The company plans to expand its current manufacturing operations to create new assembly sites and experience centers across the eastern United States. All products will soon be assembled in America.
Each model is competitively priced for its superior quality and low-maintenance factors. This means a lifetime of savings for electric products that last longer — with higher returns on investment, lower periods of downtime and fewer parts to maintain. There is no cost for fueling, and electricity is significantly lower and much more convenient to maintain. In fact, batteries will last up to 9 hours on just a 2-hour charge.
The company currently holds more than 108 patents for its many innovative manufacturing processes. While Greenland’s zero-emissions GEF-series electric lithium forklifts and GEL-1800 electric front loader are already available, the company’s electric excavators aren’t expected to be available until January.
While competitors such as Caterpillar Inc. (NYSE: CAT), Volvo ADR (OTCPK: VLVLY) and Hitachi Ltd.(OTCPK: HTHIY) have electric versions of loaders and excavators, they’re not available for commercial or retail sale.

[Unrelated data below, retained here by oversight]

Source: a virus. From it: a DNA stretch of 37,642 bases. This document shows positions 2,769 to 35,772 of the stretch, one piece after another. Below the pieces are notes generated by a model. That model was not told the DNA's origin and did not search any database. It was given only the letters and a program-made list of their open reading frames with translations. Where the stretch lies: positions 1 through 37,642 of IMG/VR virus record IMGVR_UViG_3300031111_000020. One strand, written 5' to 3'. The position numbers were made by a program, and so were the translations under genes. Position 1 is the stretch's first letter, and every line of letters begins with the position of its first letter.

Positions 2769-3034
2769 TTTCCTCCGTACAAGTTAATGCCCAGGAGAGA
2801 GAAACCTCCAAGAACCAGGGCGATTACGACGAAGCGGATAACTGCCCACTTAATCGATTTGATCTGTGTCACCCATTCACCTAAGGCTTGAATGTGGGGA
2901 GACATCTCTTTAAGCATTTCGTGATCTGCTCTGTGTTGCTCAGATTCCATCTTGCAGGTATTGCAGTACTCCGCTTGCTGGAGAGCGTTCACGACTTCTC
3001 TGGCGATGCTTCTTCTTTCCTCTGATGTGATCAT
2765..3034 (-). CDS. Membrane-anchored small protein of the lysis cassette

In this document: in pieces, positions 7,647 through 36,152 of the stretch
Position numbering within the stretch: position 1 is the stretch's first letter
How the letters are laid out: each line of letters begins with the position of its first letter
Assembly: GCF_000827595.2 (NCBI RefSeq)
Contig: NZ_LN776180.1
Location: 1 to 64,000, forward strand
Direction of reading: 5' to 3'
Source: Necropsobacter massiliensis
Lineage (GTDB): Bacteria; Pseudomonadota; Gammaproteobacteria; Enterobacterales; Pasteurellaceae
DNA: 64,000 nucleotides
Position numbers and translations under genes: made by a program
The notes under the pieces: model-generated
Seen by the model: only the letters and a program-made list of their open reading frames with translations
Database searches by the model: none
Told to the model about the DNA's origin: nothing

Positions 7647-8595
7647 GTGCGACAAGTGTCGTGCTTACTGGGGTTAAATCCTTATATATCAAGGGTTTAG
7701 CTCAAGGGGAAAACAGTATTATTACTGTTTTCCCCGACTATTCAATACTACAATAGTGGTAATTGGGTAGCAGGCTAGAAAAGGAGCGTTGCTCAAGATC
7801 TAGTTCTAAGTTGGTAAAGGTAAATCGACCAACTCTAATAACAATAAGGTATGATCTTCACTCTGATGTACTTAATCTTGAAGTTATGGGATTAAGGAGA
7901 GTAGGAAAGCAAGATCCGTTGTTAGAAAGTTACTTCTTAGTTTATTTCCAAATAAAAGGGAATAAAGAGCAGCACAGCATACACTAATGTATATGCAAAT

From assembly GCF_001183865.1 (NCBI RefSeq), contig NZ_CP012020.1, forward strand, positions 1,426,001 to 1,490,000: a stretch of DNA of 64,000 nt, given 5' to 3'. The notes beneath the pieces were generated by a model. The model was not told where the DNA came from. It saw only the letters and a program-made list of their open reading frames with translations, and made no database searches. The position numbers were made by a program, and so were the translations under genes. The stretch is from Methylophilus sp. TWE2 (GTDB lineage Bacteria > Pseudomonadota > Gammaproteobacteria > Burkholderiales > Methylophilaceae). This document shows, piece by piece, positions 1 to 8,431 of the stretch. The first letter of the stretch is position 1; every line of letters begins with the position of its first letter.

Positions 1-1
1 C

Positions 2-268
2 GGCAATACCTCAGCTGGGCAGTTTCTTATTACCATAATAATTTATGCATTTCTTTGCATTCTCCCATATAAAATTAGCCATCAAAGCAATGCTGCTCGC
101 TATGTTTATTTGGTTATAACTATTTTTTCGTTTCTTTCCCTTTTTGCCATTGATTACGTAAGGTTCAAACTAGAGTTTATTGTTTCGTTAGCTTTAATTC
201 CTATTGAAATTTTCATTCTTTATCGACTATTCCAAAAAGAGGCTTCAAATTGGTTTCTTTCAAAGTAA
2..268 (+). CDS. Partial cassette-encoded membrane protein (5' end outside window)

Things to Think About
Going into the winter season, there’s a strong interest in EVs for plowing snow, which reduces the risk of getting sick when the frigid cold mixes with the toxic fumes of a diesel-powered engine.
Dirty exhausts create dirty snow, which often is slung at children waiting for the bus. When the snow melts, it soaks into clothing and absorbs into the skin of children who should never be exposed to it.
In agriculture, farmers and ranch hands can produce a higher quality of indoor and outdoor air conditions for their livestock and crops at harvest time. Farmers often keep their pigs, cattle and feed supply in massive barns next to diesel front loaders.
Emissions, whether the frontloaders are in use or not, can seep into the air, spill into the food supply and poison the animals. Over time, they develop cancers and diseases that could have been avoided. Workers are also impacted, not just by being in those conditions but by eating the livestock that’s been raised for food.
Greenland says its machines are about 60% quieter than a diesel engine, meaning there’s less physical and emotional stress on the livestock, and farmers will see better yield over time.
The company’s lithium-powered forklifts and front loaders are available now, and the excavators are planned to be released by January.
For more information about the company or how you can invest, visit ir.gtec-tech.com. Investors can also check out Greenland Tech’s most recent earnings call here: https://ir.gtec-tech.com/financials/quarterly-results
The preceding post was written and/or published as a collaboration between Benzinga’s in-house sponsored content team and a financial partner of Benzinga. Although the piece is not and should not be construed as editorial content, the sponsored content team works to ensure that any and all information contained within is true and accurate to the best of their knowledge and research. This content is for informational purposes only and not intended to be investing advice.